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Is Money Your Top Career Value?

Values and Job Satisfaction (800x529)

Just how important is salary level for job satisfaction?

When vetting a potential new job, determining the salary is often of paramount interest to a job seeker. Depending on the economic conditions where they live or plan to live, the candidate usually has figured out that there is a minimum salary level that will suffice. Anything above that is gravy.

Susan Adams, a Forbes columnist, concluded in ‘Money Doesn’t Buy Happiness At Work, New Study Says’ that for each person a certain level of money is critical for meeting expenses, saving, and making a life livable. After that ‘equilibrium’ has been reached, then other job satisfaction factors garner attention and importance.

Her conclusions were based in part on the results of a Glassdoor study that found that ‘higher salaries mean higher satisfaction’ but that there also is a ‘diminishing return to happiness for every $1,000 in earnings’.

My take on job satisfaction is based upon my actual experiences with career-change clients over decades of career coaching. Whenever I conduct career assessments with clients and ask them to prioritize their career values, compensation (salary) is often at the top of their list. Finding a job that meets their economic needs (and key wants) appears to be a critical determining factor in accepting a job and staying in it.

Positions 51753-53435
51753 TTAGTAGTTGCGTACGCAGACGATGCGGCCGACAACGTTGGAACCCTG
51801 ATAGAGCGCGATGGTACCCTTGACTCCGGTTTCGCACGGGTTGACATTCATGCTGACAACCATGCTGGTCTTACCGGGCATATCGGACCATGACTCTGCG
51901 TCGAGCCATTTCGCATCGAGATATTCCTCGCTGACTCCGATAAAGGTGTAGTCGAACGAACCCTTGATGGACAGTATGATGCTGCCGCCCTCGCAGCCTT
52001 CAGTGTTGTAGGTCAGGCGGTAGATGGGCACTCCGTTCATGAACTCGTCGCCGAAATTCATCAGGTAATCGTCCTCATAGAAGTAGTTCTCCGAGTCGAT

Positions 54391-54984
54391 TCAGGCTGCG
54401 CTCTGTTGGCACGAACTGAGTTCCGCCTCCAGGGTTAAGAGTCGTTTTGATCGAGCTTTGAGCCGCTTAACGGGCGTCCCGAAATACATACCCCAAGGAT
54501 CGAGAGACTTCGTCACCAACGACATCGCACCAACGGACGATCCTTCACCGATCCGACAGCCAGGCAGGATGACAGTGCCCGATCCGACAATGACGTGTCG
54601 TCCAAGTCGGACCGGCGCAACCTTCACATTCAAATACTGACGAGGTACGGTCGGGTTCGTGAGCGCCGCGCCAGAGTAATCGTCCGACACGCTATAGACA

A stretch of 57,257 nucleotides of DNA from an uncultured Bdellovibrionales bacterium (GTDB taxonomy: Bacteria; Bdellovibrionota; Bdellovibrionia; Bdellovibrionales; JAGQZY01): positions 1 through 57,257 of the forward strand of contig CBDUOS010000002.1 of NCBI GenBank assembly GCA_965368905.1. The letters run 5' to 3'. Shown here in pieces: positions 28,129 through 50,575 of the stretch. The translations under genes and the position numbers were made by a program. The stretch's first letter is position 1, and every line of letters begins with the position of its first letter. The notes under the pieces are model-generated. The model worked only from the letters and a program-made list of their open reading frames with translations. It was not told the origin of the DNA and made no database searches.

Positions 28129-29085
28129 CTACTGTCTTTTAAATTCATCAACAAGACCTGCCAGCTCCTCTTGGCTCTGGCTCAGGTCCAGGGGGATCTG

However, when I ask them to complete an assignment outlining the pluses and minuses in their current and past jobs, compensation is not always the make-or-break factor in deciding to leave a job. In fact, it is cited less than 50% of the time as one of the minuses.

As I dig deeper and unearth their top-ranked reasons for leaving, invariably factors including company culture and values, job flexibility, work-life balance, relationships with bosses and colleagues, leadership vision, career advancement, recognition, professional growth, job security, variety, challenging work, and manageable commutes edge out the compensation issue.

So salary as a key element in job satisfaction seems to be not an ‘either-or’ but rather a ‘both-and’ issue.

It is not a question of whether salary or other job satisfaction factors are more important. Instead, a salary level that can reasonably support the basic needs of a ‘good life’ is the minimum entry point for job satisfaction. After that, other tangible and intangible elements take center stage and can become compelling reasons for leaving a job and/or changing careers.

Was salary the main factor in your deciding to leave a job?

Or did something else drive your departure?